If it’s a drain that you think is frozen, the same logic applies. If the problem affects multiple drains, the frozen section is likely somewhere in a main drain line. If it’s a single sink, the problem may be right underneath the sink itself.

Once you locate a frozen supply pipe somewhere in your home, you should turn off your home’s water supply immediately. The reason for this is simple. It’s that there’s always a chance that your frozen pipe has already burst. There’s also a chance that there’s more than one pipe section affected, so it’s best not to take any chances by leaving the water on. Then, you should turn on the affected sinks. This will provide a way to relieve the pressure inside the pipes as the ice thaws.

Safely Thawing a Frozen Pipe

Your next task after finding the affected section of pipe is to slowly thaw it out. It’s important to do this in a controlled manner so you don’t end up harming your pipes in the process. The first step is to visually inspect the frozen section of pipe to look for any signs of splits, damage, or deformation. If anything about the pipe looks odd, or if you can’t be certain there’s no damage, your best bet is to immediately call a professional plumber.

If the frozen pipe section looks like it’s intact and undamaged, you can proceed to thaw it out. The simplest way to do it is to soak some towels in hot water, wring them out, and wrap them around the frozen pipe. You will need to replace the towels every 10 to 15 minutes or so, depending on the temperature in your home. Doing this should melt the ice in the pipe over about an hour or two.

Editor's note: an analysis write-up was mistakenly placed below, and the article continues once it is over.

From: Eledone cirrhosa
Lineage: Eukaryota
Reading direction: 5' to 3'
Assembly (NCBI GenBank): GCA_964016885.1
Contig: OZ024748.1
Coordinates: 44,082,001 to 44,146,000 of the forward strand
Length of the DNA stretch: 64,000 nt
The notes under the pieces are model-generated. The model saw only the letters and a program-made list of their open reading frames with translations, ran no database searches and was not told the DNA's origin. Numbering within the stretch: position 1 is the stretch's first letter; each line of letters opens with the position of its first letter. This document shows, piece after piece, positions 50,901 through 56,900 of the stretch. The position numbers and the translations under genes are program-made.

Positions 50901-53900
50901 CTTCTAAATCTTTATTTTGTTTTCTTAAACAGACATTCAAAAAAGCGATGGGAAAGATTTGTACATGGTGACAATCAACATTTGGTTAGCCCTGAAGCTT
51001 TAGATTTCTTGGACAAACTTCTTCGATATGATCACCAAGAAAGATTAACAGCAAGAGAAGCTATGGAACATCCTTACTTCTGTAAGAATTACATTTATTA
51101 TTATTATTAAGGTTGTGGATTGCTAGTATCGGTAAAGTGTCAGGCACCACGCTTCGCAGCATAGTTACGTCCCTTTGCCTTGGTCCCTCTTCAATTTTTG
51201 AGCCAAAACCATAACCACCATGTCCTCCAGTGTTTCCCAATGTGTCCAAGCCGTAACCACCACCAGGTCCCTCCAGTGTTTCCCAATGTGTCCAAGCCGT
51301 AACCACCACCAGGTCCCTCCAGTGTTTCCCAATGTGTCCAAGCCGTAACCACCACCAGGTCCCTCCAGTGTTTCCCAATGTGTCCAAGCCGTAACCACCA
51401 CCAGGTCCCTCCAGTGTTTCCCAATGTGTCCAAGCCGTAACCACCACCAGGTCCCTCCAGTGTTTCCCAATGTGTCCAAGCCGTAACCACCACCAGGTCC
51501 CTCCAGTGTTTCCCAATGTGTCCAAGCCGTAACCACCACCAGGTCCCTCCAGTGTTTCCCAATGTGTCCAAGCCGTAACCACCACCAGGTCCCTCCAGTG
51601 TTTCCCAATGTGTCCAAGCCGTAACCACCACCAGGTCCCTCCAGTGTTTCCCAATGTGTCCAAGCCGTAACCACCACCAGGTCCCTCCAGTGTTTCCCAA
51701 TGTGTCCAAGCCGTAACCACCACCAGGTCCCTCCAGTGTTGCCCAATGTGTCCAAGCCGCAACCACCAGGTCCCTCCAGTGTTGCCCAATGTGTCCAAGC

For a slightly neater way to thaw your frozen pipe, you can use a small heating pad in place of the wet towels. If you choose this method, keep the heating pad on low and leave it on for as long as it takes to thaw the pipe. This is the best way to avoid doing any inadvertent damage to your pipes in the process.

If you can’t quite reach the frozen section of pipe, you can place a space heater nearby to apply heat indirectly. Or, if you have the patience, you can use a hairdryer to do the same thing. In either case, you should resist the urge to apply extreme heat too close to the pipe. Otherwise, you risk damaging the pipe as the ice thaws.

Checking for Damage